One of the challenges when discussing the defence industry is how to identify what that phrase actually means. The ‘arms industry’ of the 1930s was distorted by the requirement for all industries to become involved with the war effort of the Second World War.
Today, that effect is still found but for a different reason: the economy of government-only customers is not usually sufficient to sustain companies that limit themselves to a single industry. Therefore, there has to be diversification. This happens from both companies who are historically arms or defence companies, such as BAe and Lockheed Martin, and those companies that now supply to defence as merely one of their sectors, including many of the aerospace companies and service providers like G4S and Serco.
There is a concept of ‘prime’ contractors responsible for major projects, with multiple tiers below them of systems production down to the individual component parts. It’s common that as the tiers increase, the defence specialist equipment becomes more generic components and further away from a defence supplier. Often unknowingly, they form part of the wider defence ecosystem of suppliers.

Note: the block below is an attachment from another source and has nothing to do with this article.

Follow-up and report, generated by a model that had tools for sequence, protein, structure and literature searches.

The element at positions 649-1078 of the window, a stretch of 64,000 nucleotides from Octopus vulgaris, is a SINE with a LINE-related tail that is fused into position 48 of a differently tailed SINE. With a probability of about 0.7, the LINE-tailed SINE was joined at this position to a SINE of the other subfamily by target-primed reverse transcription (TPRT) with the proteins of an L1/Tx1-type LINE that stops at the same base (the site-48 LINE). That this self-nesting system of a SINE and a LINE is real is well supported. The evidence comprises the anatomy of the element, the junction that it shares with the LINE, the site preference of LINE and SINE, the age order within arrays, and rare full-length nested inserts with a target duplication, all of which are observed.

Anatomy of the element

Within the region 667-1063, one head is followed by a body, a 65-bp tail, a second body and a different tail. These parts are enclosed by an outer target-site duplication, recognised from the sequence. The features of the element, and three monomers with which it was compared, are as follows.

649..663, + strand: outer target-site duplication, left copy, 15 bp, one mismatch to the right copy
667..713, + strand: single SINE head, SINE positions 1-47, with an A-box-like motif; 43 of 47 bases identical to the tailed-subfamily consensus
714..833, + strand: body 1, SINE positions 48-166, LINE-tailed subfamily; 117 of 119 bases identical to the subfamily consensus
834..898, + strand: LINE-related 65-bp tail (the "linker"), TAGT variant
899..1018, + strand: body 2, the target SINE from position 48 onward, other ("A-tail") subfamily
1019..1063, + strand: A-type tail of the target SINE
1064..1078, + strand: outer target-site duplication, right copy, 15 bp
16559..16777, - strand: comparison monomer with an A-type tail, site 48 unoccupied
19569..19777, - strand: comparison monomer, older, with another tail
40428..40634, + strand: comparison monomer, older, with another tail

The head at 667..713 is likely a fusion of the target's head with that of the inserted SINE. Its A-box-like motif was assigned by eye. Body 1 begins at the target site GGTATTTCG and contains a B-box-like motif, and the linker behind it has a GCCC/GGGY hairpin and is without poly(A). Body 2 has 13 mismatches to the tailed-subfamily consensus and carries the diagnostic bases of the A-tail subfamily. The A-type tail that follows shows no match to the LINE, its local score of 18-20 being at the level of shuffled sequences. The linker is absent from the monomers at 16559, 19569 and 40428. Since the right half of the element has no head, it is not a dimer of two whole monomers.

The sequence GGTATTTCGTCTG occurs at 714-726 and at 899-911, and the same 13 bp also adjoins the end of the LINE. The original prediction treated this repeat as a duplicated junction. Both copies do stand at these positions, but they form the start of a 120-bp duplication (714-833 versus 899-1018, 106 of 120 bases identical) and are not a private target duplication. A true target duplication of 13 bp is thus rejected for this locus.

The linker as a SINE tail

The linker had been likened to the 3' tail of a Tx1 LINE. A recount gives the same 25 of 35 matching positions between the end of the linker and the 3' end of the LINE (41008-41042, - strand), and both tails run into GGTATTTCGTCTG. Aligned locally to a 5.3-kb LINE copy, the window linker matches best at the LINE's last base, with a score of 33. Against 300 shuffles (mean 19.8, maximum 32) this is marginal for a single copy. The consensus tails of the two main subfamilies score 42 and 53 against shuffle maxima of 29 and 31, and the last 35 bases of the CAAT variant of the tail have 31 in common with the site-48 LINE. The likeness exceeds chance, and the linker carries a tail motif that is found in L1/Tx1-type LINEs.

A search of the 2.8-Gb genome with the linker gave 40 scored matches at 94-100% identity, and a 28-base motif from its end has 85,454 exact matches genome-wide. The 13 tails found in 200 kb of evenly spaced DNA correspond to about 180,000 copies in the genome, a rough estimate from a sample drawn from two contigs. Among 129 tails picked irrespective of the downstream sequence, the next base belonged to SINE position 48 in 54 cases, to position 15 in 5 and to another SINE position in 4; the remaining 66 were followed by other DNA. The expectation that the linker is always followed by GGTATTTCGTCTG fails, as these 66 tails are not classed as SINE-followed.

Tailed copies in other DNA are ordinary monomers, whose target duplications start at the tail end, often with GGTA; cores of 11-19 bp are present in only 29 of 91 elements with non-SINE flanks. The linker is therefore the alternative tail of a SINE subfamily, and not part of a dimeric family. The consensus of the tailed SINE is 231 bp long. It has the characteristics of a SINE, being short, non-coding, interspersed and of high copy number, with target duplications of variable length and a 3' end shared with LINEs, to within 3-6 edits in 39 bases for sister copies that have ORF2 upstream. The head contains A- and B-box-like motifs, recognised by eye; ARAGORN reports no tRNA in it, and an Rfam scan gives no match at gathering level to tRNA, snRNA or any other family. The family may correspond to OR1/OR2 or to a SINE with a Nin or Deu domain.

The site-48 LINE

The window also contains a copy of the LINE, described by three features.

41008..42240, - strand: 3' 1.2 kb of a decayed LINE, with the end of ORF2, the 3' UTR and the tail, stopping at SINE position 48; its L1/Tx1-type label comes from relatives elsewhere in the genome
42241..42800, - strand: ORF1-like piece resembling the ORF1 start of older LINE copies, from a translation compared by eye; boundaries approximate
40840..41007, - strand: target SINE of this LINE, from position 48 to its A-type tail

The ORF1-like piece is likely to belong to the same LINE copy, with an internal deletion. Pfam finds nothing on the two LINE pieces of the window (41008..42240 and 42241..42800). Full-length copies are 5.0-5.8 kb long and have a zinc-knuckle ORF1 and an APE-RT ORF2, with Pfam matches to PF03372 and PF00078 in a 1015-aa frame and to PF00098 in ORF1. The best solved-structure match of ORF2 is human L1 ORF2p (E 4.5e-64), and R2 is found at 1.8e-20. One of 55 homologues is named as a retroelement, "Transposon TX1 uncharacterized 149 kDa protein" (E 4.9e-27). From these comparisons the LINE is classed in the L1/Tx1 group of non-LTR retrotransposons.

Because the majority of the turnover of a military or defence force in peacetime is merely providing accommodation, food, utilities and transport for its personnel, the non-defence service providers can absorb much of the Defence spending. It’s only through the long-term provision of capital warfighting equipment, such as ships, aircraft and armoured vehicles, that the traditional defence companies have turnover outside of conflict. It could be assumed then that the long build-times of items which would otherwise be a standard task, suits the defence industry even if it looks slow and cumbersome to the outsider or commentator.
Working with government customers requires a particular procurement process to follow because of the oversight, in most countries, on public spending, which includes defence spending. Because of this, some companies become more adept and resourceful when navigating the public procurement processes. Defence companies that supply ‘war-fighting equipment’ sometimes have exceptions to this (particularly in the EU) to deal with national security and confidentiality issues but other traditional services all have to go through these hoops and hurdles. One of the possible reasons for the large growth of service providers from outside of the defence industry is that those companies have been experts at providing outsourced services for any aspects of government and, therefore, can go through all of the procurement challenges relatively easier than a new entrant.
The future challenge for the defence industries that have developed like this is to ensure that there are sufficient new companies to drive innovation and forward-thinking, whilst at the same time governments keeping opportunities sustainable and easily accessed.